Is there any agreement on when to reduce data dimension before clustering in order to avoid curse of dimensionality?

My intuition is that if I have say 1000 points and data dimension is 10 then it is OK to cluster. But if dimension is 50 then it is not OK because data points become sparse and hard to cluster (as a result expect to obtain "too much" clusters).

  • $\begingroup$ There are methods that simultaneously perform dimensionality reduction and clustering. These methods seek an optimally chosen low-dimensional representation so as to facilitate the identification of clusters. For example, see clustrd package in R and the associated references. $\endgroup$
    – Nat
    Oct 3, 2018 at 19:46

1 Answer 1


You do dimensionality reduction if it improves results.

You don't do dimensionality reduction if the results become worse.

There is no one size fits all in data mining. You have to do multiple iterations of preprocessing, data mining, evaluating, retry, until your results work for you. Different data sets have different requirements.

Remember how the KDD process looks like: KDD Process

Notice the grey arrows going back. If the result does not make you happy, try going back and e.g. try to use different preprocessing such as dimensionality reduction.

But 10 dimensions is not high dimensional anyway, probably no need to be afraid of the curse of dimensionality, unless you do some grid based methods.

For the behaviour of high-dimensional data, I can recommend the articles by Houle et al:

  • Can Shared-Neighbor Distances Defeat the Curse of Dimensionality?
    M. E. Houle, H.-P. Kriegel, P. Kröger, E. Schubert and A. Zimek
    SSDBM 2010

They show that there is no direct relationship of the number of dimensions and the ability to cluster the dataset. But it is more a question of the signal-to-noise ratio. A high-dimensional dataset can be very easy and good to cluster if all the dimensions contribute signal. If most of the dimensions are noise, a much smaller dataset will already break down. So in particular, there is no rule of thumb such as "10 is good, 50 is bad", sorry.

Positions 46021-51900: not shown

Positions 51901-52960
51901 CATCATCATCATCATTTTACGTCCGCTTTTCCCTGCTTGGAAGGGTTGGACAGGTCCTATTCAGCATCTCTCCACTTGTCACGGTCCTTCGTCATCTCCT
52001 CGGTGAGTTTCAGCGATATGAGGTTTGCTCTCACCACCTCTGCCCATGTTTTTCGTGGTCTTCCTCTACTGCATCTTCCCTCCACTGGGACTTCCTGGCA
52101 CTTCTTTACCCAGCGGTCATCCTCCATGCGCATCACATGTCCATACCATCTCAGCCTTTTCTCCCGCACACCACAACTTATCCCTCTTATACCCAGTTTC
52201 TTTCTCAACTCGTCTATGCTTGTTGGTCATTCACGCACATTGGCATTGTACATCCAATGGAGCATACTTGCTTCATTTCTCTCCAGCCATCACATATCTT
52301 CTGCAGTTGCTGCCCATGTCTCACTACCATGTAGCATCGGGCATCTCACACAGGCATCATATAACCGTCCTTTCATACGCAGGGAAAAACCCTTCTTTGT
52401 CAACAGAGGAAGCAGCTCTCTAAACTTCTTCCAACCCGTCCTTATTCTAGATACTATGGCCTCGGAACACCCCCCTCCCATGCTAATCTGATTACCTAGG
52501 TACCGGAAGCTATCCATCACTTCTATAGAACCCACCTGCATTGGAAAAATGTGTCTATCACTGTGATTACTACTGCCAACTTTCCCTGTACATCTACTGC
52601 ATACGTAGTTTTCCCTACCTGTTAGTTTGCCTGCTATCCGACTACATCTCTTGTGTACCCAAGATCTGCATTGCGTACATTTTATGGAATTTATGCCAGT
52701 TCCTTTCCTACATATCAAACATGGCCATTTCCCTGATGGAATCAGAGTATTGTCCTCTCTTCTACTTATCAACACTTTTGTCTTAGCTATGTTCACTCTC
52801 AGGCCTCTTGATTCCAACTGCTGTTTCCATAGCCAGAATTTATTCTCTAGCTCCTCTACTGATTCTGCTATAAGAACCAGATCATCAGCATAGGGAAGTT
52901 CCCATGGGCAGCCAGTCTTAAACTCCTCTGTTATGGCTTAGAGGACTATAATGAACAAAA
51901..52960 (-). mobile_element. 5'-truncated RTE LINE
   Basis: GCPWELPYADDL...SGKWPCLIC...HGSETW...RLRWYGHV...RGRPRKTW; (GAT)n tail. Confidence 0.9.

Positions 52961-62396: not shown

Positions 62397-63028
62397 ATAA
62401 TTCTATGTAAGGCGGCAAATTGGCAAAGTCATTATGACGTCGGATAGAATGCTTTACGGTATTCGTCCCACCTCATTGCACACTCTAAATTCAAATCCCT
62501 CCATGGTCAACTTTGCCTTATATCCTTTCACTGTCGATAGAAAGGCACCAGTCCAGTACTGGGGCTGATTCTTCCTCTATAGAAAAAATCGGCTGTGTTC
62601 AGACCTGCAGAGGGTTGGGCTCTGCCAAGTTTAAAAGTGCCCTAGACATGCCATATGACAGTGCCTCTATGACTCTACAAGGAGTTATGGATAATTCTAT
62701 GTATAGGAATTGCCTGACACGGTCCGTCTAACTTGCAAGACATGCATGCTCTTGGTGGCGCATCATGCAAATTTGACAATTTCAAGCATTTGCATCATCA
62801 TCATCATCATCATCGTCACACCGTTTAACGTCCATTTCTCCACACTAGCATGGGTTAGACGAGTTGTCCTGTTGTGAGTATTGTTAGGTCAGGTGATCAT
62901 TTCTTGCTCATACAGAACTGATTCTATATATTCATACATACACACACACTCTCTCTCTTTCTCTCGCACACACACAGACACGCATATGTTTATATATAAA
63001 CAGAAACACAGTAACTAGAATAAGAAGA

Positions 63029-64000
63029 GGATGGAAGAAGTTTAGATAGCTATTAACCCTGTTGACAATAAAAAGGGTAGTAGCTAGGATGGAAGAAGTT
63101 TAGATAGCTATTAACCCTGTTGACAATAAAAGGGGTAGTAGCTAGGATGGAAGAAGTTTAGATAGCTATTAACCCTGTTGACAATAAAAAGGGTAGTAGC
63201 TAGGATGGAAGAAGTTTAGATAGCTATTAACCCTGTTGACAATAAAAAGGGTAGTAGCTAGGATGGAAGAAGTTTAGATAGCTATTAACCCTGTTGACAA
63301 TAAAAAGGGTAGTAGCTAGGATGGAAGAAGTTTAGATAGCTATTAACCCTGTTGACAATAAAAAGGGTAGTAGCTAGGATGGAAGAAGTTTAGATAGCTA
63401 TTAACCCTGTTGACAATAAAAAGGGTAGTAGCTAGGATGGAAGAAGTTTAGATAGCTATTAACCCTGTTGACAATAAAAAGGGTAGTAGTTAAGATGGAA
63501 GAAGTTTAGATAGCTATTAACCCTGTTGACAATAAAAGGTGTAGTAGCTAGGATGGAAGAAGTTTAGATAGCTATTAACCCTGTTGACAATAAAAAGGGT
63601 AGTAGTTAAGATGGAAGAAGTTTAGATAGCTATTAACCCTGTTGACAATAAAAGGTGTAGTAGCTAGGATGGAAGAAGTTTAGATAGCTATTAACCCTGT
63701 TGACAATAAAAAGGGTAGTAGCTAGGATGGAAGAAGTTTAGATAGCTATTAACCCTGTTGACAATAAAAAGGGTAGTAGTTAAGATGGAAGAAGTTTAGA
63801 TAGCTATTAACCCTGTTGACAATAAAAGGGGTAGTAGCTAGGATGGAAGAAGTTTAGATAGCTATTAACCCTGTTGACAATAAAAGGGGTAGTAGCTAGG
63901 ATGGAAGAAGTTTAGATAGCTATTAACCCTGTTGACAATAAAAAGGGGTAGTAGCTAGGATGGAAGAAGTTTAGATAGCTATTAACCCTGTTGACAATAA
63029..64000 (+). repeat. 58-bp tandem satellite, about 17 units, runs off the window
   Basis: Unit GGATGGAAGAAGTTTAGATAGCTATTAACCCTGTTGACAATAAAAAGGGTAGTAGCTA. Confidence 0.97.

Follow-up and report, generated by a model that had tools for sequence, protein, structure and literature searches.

• 1
    $\begingroup$ Can you say what you mean by "improves results" and "results become worse"? $\endgroup$
    – Macro
    May 24, 2012 at 13:33
  • $\begingroup$ Also 10 was picked only for illustration. Say I have $n$ points in $d$ dimensions. Is there any agreement of $n$-to-$d$ ratio? $\endgroup$ May 24, 2012 at 13:39
  • $\begingroup$ Joining @Macro, how do I know if I am better of or worse as I am not given the ground truth? $\endgroup$ May 24, 2012 at 13:46
  • $\begingroup$ Run it once without dimension reduction. Evalute the result. If it is not good enough, try dimension reduction, evaluate again. Evaluation does not need to be "ground truth". It can be as simple as "are you satisfied". Data mining is exploratory, there may be more than one "solution", or none. $\endgroup$ May 24, 2012 at 15:51
  • $\begingroup$ I like the acknowledgment that a subjective decision is needed re: satisfactoriness of results. Suppose one is evaluating a clustering solution by its eta squareds: how much of the variance in each continuous variable can be explained by the cluster variable. This quantity might reach 80% for variables in one person's clustering problem but would never realistically top 20% in another's. Hence it makes sense that the rule of thumb be stated as generally as Anony-Mousse has. $\endgroup$
    – rolando2
    May 24, 2012 at 21:00

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